The Tabor Boy Project

One of my mentees once implored, "Uncle Woody tell me a story." This was not a request; it was a demand. The stories that follow are some of those stories. The names have not been changed to protect the innocent or guilty, including myself. Do you really need an emoticon to know that it's time to lol? ;-]-B->=| Okay, just one, and it's a figurehead.

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Shipmates and Schoolmates

Jamie Hutton and I are old Nantucketers, of the worst sort -- Summer People -- The Yacht Club, cocktail hour, etc. but the best sort as well, because we are sailors and not tennis people. Oddly, growing up neighbors on Nantucket -- his uncle owned the house next to mine, and Nantucket is a very small town anyway -- we never met until we got to Tabor and then we coincidently sat next to each other the first time in the auditorium for Orientation.

As Richard Wickenden called each boy's name, he got to the H's first, "Hutton, James." and Jamie stood and said something salty like, "Yo, it's Jamie."

When he sat back down I turned to him in my seat, extended my hand, and said saltily, "Yo, Woody Kennedy. Mr. Sherburne told me to look for you."

And he said, less saltily, but quite in character, "Hey buddy, glad to meet 'cha." We've been friends ever since.

Perhaps if this was fiction I would write that later I said saltily, "Yo, it's Woody." when Mr. Wickenden called, "Kennedy, Grafton S, the Third." To which he replied, "Never the less, you will be addressed by your surname from now on Mr. Kennedy." But I don't recall that happening, and the Headmaster's brother was more of a jovial buzz-cut bear than one to stand on formality. And Jamie and I would always be on a first name basis as our friendship got saltier.
White Squall

It was probably a few days before Aug. 13, 1979, the first day of the freak storm that hit the Fastnet Race in England, that I was jauntily manning the position of Quartermaster on Tabor Boy somewhere in the Gulf Stream headed north, returning to Marion from Bermuda. The weather was stiff, but not strong, roughly Force 4 and we were carrying full sail to windward, no square sails, pretty much a smart beam reach and slightly to windward under blue skies dotted with the occasional puffy cumulus. The bright sunlight glinted off the tops of waves that bent, but did not break, with the wind. Really it was quite one of the best days at sea.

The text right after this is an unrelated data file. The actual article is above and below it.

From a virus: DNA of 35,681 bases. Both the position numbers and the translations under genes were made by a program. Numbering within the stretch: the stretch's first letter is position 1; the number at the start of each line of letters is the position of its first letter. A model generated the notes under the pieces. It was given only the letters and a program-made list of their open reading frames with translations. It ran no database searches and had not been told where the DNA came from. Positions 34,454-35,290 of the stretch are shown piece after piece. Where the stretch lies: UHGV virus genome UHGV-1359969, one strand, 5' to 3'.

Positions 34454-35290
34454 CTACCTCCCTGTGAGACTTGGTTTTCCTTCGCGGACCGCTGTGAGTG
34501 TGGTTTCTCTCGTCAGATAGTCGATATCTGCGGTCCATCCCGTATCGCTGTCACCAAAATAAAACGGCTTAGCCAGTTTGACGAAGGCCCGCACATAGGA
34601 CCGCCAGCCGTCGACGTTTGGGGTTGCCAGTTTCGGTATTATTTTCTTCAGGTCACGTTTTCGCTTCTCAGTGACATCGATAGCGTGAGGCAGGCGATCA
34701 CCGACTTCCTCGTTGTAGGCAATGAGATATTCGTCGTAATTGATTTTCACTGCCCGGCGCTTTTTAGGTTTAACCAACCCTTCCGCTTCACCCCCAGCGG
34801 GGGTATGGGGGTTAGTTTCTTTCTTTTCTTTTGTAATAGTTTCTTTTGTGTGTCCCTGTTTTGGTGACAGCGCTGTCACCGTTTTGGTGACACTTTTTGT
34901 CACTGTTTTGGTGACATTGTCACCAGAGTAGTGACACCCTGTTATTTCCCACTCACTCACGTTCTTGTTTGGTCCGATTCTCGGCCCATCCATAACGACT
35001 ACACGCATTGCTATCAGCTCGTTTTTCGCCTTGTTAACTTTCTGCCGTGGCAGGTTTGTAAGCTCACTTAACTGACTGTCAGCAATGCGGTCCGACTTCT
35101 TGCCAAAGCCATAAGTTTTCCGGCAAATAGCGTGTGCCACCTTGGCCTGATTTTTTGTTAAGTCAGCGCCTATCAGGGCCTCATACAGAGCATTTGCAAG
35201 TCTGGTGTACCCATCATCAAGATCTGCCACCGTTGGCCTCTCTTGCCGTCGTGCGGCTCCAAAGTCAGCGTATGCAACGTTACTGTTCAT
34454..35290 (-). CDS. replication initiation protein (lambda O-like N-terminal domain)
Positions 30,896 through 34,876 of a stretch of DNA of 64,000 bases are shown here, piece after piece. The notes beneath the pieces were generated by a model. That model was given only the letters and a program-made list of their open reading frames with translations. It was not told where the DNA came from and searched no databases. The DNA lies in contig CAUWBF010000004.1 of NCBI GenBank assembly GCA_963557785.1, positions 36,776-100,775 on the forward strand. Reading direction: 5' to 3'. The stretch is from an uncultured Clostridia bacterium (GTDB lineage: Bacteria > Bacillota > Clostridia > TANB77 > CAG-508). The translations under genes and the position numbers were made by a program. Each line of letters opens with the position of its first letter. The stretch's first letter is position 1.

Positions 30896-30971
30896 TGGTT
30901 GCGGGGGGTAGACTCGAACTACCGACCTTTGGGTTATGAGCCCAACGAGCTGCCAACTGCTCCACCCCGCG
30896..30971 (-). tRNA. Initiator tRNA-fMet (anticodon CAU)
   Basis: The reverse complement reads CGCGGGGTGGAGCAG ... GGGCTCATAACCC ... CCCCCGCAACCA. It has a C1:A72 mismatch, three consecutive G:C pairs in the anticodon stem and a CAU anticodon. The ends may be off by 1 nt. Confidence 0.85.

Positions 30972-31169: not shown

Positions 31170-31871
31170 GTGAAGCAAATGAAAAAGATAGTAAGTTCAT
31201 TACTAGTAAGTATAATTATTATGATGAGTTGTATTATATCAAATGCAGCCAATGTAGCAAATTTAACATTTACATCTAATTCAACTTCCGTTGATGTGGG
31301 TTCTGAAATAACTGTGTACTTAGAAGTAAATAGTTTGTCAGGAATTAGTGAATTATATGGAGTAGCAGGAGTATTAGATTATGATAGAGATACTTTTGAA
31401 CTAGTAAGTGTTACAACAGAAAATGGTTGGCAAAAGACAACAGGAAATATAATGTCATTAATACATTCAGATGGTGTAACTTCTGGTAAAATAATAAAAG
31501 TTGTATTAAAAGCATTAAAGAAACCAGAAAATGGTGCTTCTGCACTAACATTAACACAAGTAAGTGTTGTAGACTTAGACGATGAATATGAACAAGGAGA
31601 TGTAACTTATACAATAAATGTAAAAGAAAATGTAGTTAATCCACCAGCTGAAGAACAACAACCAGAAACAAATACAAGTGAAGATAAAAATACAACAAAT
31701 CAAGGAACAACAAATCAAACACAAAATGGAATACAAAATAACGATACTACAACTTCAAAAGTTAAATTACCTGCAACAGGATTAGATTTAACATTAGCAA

When suddenly all hell broke loose. First, I saw the starboard flying jib winch go over the side like a depth charge, arcing up in the air and then down, splash, never to be seen again. My reaction was stunned astonishment as horizontal rain slashed through the tattered remains of the jibs. Cap waddled quickly out of the deckhouse barking orders, "Slack the sheets! Lower the sails!" while I went into a sort of John Cleese stupor:

"I didn't know we had depth charges."

"Who said, 'Fire!' to launch the depth charge?"

"Does one say 'Fire' or 'Launch' to fire a depth charge?"

It was at about this point in my stupor that Cap turned back to me and said, "Kennedy, start the engine."
That -- I could do. And did so.


"Slow ahead."


Later we examined the winch mount and found that the freak storm had been strong enough to rip a large winch from a mount that was a welded + -- plus sign of quarter inch thick steel extending from the gunwale out about six or eight inches to the base of the winch. The steel was bent slightly and then simply torn like paper.

Later we learned of the freak storm that hit the Fastnet race and we wondered if that was what hit us too.

I wondered if I would ever react properly in the face of danger.

And we sang Cap's praises for saving us and the boat.
Here's my take on another of Cap's phrases:

I Hate Boats!

Cap used this phrase often more in humor than anger or frustration, but always appropriate to the situation and timed to get a laugh.